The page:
The photo on the wall at the Growers Tobacco Warehouse shows smiling workers gathered around tobacco bales three years ago, when 13.8 million pounds of tobacco were sold, the best season ever.

The picture has become a relic, memorializing a marketing system in decline and holding on for dear life.

On the same auction floor, burley farmers now deliver truckloads of leaf for contract sales directly to Dimon Inc., which buys and processes tobacco for cigarette companies and overseas markets.

In an adjoining building that could fit inside the main warehouse, workers have stacked a few short rows of burley grown by farmers still loyal to the auction system. Auction sales will start there and at other Kentucky warehouses Tuesday amid diminished expectations.

"I don't think anybody is looking for a good sales season," said Denny Wilson, executive director of the Burley Auction Warehouse Association. "The mood is not real good."

In the past year, burley farmers abandoned the auction system in droves, signing contracts to sell leaf directly to tobacco companies.

Jerry Stafford, owner-operator of Growers Warehouse, expects only 1 million to 1.5 million pounds of burley to be sold at auction under his roof, down from about 5 million pounds last season.

Meanwhile, the amount of burley sold under contract to Dimon at his main warehouse will be five to eight times greater, he said.

Stafford, a warehouse operator since 1968, was reluctant to climb aboard the contracting bandwagon, but said the trend forced his hand.

"When you're in business and you see things changing, you have to change with it," he said. "That's the bottom line."

Three tobacco warehouses will open for auctions in this Ohio River community, Stafford said. Last year, there were five.

Wilson said 52 warehouses in Kentucky are expected to open for auction sales. That represents barely a third of the warehouses open three years ago, reflecting steep burley production cuts and the spread of contracting.

Nearly 65 percent of the burley belt crop will apparently be sold directly to cigarette manufacturers and leaf dealers, bypassing auction markets, said Will Snell, a University of Kentucky tobacco economist.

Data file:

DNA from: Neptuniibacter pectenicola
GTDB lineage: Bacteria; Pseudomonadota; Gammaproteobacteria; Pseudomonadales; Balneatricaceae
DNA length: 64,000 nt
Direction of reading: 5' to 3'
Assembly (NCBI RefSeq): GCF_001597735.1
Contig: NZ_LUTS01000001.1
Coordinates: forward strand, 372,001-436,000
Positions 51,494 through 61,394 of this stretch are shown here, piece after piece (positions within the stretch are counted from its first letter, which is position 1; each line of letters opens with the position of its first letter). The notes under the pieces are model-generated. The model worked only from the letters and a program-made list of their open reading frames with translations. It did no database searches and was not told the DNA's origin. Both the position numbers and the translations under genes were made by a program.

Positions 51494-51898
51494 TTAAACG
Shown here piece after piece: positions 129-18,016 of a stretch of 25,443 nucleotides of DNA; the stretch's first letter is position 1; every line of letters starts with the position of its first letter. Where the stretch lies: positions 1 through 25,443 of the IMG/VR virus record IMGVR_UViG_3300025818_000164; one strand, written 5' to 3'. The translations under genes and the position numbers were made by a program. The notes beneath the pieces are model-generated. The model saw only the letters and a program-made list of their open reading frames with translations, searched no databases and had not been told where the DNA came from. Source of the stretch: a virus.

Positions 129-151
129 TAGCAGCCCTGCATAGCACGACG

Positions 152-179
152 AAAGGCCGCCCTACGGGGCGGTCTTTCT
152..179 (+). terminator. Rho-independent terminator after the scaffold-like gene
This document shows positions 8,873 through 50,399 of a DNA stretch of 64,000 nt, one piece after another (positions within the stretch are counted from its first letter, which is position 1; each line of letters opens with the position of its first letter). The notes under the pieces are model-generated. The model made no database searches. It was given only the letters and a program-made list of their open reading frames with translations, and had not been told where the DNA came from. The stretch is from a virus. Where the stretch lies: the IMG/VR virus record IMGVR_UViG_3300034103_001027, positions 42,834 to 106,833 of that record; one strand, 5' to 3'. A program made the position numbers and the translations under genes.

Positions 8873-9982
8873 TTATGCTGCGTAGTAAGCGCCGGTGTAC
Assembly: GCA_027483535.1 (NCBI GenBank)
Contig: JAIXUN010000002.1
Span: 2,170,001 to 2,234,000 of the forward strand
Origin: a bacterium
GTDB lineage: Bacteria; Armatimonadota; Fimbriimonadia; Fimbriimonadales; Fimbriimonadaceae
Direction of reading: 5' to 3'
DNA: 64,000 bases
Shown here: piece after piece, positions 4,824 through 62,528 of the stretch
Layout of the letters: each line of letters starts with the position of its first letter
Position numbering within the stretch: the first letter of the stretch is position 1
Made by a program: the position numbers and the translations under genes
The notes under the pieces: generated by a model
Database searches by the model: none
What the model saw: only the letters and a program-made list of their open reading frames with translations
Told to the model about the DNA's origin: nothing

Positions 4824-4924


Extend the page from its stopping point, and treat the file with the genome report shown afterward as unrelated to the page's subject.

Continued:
Most buyers will acquire a majority of their burley through contract sales, Snell said. A year ago, only industry giant Philip Morris U.S.A. contracted with growers, accounting for 27 percent of the sales.

"While a dual marketing system will prevail for the 2001-02 season, the future of the auction system remains very unclear," Snell said.

The eight-state burley belt includes Kentucky, Indiana, Ohio, Missouri, West Virginia, Tennessee, Virginia and North Carolina.

This year's U.S. burley crop, forecast by the USDA to total 372 million pounds, is considered above average in quality, Snell said.

Meanwhile, global supply and demand conditions have improved, which should create a favorable market for American burley, he said.

The overall average market price is expected to exceed last year's record high price of $1.95 per pound, Snell said. Prices for burley sold under contract appear to run 5 to 7 cents more per pound than price-support levels, he said. If supplies tighten for some tobacco, however, demand at auctions could narrow the price difference, he said.

Once warehouse fees are tacked on, contract leaf will probably fetch a farmer 9 to 12 cents more per pound than burley sold at auction, Stafford said.

Owen County farmer W.A. Grisham said the price difference means a lot to farmers forced to shoulder higher production costs.

"Farming in general is getting in a pretty tight spot as far as clearing any money," said Grisham, who was delivering burley to the Carrollton warehouse for sale directly to Dimon.

Grisham's tobacco was weighed and then evaluated by USDA graders, which determined the amount of money he received from Dimon. Some tobacco companies are using their own graders at receiving stations.

Grisham, 75, sold his tobacco at auction for decades until this year, but said it wasn't an agonizing decision to switch to contracting.

"I think this program would work all right as long as we keep the tobacco program and grading system going," Grisham said. "I would hate to see the (tobacco) program gone."

That's the underlying concern among critics of contracting. They contend if the auction system collapses, so will the federal burley price support program that has sustained generations of small growers.

Kenton County farmer Bobby Cheeks said he was so devoted to the auction system that he'd probably quit growing his small plot of burley rather than sign up to sell his crop directly to a tobacco company.

Cheeks had brought in his burley crop for sale at the auction market. He uses tobacco money to buy Christmas gifts and pay property taxes.

"What they're doing in there, I don't think too much of it," he said, pointing toward the Dimon receiving station.

Cheeks said he worried that if the auction system goes under, farmers would be at the mercy of tobacco companies. He said the companies could lower prices without fear of competition from the warehouses.

"I believe it will just cut them short later on, and it will hurt the sales price," he said. "I don't want anything to do with it."